Album Review: “Hellbound Train” by Savory Brown

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In 1972, Savor Brown released “Hellbound Train” two years after “Raw Sienna.” With “Hellbound Train” Savor Brown had their complete line change, except for Kim Simmonds, who of course, still the leader of the band.

Savoy Brown focused more on instruments apart from using, guitar — they delved in with harmonica and some keyboards plus some vocal touch. Younger, Stevens, Earl and Lonesome Dave had been replaced by Dave Bidwell on bass, Paul Raymond on keyboards plus rhythm guitar, Dave Walker, on vocals. and Andy Pyle on sticks.

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“Hellbound Train,” without it being a bad album, there’s nothing really to it — from the first track “Doin´Fine” to the last “Hellbound Train,” it all sounds exactly the same. It seems the group, staying too long in the US, rather than in their native England, spending time with their producers Neil Slaven and Gruggy Woof, and their success caused them to leave behind the more jazzy adventures and experimentations, hence “Hellbound Train.”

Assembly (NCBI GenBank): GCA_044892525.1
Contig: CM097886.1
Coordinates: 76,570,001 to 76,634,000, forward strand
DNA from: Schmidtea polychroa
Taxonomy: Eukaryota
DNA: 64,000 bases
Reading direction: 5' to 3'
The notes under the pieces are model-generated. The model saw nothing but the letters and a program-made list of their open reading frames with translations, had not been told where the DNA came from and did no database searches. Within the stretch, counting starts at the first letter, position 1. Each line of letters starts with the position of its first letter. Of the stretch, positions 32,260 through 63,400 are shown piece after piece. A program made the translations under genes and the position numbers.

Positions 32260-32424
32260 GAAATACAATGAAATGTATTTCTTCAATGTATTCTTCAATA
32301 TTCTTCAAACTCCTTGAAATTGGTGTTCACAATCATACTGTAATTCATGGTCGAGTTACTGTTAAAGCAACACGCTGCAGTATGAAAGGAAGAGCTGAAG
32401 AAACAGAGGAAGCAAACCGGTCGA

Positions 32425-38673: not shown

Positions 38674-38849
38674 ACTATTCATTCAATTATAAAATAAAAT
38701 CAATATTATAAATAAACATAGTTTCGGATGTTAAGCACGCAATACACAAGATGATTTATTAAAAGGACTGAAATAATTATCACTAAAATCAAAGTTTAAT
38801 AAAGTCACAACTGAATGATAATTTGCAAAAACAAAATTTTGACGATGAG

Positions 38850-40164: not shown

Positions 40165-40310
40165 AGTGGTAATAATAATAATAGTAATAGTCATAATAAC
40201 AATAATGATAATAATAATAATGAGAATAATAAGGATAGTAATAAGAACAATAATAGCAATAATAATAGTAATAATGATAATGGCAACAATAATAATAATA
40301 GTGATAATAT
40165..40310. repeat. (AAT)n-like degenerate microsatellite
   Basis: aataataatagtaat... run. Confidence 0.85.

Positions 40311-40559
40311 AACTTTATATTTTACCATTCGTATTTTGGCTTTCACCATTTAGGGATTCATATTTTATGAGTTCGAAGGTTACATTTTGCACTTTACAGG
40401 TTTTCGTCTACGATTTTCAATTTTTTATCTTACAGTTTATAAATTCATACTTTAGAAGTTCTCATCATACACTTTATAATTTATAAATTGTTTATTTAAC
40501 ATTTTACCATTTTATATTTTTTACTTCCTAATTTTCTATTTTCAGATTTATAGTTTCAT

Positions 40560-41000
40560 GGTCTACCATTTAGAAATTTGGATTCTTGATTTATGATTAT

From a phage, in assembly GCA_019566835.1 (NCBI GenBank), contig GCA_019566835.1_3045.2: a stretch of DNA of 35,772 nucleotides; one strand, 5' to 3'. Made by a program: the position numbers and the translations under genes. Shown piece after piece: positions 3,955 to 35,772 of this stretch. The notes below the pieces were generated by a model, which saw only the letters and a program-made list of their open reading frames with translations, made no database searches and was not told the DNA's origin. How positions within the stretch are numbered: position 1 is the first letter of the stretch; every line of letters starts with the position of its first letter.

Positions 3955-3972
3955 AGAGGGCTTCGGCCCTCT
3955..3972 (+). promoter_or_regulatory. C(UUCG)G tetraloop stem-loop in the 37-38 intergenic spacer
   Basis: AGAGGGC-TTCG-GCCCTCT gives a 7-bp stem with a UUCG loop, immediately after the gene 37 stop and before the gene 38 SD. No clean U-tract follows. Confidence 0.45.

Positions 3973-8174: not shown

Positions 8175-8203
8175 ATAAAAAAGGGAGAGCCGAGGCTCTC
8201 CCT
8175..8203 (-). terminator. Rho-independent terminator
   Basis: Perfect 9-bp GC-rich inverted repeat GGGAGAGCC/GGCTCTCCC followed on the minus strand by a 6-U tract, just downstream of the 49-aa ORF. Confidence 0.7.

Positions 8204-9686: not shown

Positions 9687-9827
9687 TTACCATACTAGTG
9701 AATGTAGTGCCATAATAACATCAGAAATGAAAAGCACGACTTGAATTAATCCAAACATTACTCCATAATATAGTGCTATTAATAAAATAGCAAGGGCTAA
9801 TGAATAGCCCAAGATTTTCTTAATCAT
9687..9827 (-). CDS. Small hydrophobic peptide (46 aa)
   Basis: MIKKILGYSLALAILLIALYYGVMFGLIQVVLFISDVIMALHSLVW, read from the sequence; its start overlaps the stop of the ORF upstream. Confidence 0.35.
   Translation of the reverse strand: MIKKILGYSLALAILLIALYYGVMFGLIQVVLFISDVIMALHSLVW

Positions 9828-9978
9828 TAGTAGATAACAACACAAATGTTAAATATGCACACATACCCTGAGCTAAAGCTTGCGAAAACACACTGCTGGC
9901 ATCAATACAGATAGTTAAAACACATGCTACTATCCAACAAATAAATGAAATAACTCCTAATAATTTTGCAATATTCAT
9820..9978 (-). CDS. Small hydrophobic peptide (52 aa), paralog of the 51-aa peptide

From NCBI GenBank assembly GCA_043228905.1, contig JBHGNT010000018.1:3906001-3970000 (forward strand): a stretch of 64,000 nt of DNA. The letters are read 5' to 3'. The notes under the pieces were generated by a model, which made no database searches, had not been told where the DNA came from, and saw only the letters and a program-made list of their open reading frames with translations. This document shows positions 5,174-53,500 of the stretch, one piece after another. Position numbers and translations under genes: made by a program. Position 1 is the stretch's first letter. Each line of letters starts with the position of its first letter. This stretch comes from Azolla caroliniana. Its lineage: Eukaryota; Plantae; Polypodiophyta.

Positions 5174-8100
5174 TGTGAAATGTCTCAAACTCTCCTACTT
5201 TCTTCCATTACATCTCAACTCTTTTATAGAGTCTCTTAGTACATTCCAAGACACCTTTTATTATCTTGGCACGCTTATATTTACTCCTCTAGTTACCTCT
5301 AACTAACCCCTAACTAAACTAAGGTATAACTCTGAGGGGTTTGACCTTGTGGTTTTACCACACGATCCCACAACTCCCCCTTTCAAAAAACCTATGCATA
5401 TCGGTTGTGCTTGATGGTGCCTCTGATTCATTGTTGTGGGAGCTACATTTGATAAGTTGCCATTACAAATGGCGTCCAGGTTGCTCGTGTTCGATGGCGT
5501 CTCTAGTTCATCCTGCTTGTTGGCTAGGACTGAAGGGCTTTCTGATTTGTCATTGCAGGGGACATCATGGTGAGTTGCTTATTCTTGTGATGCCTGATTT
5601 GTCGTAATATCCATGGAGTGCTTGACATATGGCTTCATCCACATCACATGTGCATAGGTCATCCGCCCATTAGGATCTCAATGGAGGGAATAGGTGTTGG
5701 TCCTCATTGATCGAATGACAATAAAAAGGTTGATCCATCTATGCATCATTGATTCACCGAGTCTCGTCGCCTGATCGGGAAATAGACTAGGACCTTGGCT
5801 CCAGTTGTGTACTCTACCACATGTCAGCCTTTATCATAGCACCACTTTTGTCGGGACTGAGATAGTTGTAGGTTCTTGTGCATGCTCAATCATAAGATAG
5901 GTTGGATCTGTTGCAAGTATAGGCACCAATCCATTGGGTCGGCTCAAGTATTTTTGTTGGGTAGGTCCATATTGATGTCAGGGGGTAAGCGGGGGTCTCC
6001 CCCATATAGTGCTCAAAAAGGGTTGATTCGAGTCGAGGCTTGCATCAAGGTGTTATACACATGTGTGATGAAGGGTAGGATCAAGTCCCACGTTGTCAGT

Overall, the album has a great start and end, but very bland development. But hats off to them, as they really know how to make an album cover, and that’s probably the highlight of this album. Nevertheless, the title track is enjoyable enough, and it’s everyone’s favorite track, and probably the best Savoy track ever. ‘Hellbound Train’ is the reason for buying and listening to this album.

Keep going below and listen to the full album: